“I’m on Social Security, so I can only buy so much,” Harrington said. “You can’t find better prices than at Walmart.”

Discounts, credit

Consumers with household incomes of less than $50,000 are less likely to shop online than their more affluent peers. Those households do about 3.4 percent of their shopping online, compared to 9.7 percent for households with annual incomes of $50,000 and more, according to economists at Stanford University.

Meanwhile, roughly half of all U.S. households had Prime accounts in January, the investment firm Cowen & Co. estimates, based on quarterly surveys it conducts. But membership growth has slowed as the market among wealthier customers becomes more saturated.

Low-income consumers are the group least likely to have Prime memberships. Just 31 percent of households making less than $25,000 are Prime members, compared to 60 percent of households making more than $150,000, according to a 2016 Cowen survey, the last time the firm released data on Prime members’ household income.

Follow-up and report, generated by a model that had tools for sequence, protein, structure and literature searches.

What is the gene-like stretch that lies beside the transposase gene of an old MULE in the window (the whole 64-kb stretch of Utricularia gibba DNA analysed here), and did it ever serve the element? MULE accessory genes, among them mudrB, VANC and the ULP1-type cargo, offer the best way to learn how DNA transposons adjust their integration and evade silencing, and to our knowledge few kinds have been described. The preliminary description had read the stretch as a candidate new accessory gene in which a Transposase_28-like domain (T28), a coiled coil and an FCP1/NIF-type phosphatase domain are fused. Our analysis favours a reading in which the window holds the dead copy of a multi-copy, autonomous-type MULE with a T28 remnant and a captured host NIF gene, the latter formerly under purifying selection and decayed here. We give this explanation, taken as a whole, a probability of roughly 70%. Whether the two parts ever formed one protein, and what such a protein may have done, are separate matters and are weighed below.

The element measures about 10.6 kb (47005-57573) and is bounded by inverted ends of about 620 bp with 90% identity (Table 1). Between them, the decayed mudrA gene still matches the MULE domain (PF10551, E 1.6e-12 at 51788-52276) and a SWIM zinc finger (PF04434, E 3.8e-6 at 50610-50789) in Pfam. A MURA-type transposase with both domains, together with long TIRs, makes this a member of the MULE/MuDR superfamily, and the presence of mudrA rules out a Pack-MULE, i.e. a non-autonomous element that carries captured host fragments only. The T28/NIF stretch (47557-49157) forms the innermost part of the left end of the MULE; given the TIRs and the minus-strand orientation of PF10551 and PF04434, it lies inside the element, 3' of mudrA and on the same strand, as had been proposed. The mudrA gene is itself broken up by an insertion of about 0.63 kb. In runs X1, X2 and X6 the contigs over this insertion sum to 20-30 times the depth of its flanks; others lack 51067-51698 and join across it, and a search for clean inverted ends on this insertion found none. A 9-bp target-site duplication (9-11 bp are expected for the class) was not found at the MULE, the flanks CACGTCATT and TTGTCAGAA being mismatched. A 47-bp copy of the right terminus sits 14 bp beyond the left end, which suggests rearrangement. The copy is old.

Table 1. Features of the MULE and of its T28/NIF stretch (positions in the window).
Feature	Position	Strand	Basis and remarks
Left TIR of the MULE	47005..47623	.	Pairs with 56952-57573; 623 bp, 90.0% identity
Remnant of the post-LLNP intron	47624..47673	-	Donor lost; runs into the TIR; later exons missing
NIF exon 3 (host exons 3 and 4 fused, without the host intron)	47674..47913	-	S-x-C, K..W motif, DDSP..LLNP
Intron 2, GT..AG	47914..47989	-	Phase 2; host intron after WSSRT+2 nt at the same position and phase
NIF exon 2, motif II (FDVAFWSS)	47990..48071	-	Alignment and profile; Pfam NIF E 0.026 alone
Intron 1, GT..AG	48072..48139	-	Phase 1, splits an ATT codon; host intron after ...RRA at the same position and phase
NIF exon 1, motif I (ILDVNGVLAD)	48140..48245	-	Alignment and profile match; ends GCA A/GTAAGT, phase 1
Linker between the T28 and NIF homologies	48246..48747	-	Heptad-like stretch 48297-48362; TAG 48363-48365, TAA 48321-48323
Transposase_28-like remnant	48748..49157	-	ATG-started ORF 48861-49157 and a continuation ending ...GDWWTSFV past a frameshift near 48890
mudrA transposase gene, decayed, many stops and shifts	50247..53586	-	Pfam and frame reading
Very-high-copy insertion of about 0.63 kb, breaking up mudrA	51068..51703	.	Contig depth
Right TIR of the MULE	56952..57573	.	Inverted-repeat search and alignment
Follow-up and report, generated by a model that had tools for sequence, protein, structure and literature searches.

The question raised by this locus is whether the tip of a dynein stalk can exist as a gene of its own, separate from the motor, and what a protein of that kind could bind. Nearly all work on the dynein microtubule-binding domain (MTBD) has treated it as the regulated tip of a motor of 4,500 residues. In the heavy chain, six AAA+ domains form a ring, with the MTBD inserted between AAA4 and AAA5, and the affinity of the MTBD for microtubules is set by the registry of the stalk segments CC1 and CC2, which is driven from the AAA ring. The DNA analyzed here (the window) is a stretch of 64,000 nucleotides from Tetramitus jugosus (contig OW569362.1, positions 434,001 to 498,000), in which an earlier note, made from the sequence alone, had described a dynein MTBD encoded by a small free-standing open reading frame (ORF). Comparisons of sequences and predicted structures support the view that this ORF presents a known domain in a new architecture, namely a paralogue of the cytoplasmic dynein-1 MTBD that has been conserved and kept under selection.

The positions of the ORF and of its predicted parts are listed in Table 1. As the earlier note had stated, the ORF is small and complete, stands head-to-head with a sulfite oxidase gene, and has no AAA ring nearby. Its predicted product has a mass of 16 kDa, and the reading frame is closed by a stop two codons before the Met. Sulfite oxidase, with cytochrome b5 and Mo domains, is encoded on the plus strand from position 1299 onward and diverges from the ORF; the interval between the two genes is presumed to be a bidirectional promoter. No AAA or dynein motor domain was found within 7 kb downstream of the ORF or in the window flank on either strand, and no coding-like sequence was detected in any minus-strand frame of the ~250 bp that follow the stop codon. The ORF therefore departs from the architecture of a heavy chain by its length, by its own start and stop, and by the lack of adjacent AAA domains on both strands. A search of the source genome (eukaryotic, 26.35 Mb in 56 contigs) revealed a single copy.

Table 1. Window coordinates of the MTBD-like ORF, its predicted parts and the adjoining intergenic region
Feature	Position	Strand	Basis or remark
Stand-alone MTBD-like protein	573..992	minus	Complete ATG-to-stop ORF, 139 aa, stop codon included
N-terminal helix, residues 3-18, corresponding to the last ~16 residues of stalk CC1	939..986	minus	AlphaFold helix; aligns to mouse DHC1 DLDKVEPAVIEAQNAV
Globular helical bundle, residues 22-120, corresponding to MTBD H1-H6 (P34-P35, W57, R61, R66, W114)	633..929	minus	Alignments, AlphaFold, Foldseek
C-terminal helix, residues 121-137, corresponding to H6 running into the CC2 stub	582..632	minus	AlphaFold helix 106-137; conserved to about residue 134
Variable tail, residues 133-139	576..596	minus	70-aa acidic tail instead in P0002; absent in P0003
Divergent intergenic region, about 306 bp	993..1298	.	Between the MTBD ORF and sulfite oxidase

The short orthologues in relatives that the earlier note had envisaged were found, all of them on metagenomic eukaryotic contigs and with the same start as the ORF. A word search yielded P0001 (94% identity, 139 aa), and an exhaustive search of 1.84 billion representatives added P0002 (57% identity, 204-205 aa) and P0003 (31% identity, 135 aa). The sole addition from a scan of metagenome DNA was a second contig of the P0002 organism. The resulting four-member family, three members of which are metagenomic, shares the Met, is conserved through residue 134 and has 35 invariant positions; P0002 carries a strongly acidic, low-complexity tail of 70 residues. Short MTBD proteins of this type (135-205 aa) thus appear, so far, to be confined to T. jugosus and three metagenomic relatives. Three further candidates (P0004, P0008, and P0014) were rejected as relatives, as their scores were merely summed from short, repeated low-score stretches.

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“They are trying to pull the levers to boost that number,” Cowen analyst John Blackledge said.

Amazon began offering discounted membership for $5.99 a month to its Prime frequent-shopper program last year to the roughly 20 percent of the U.S. population that is signed up for Medicaid. That’s in addition to the discount it already offered to people who obtain government assistance with cards typically used for the Supplemental Nutrition Assistance Program, often called food stamps. The company usually charges $12.99 a month for Prime memberships.

Amazon’s new card, called Amazon Credit Builder, is aimed at customers trying to establish or rebuild their credit. To obtain it, consumers need to deposit funds, and the amount they deposit becomes their credit limit.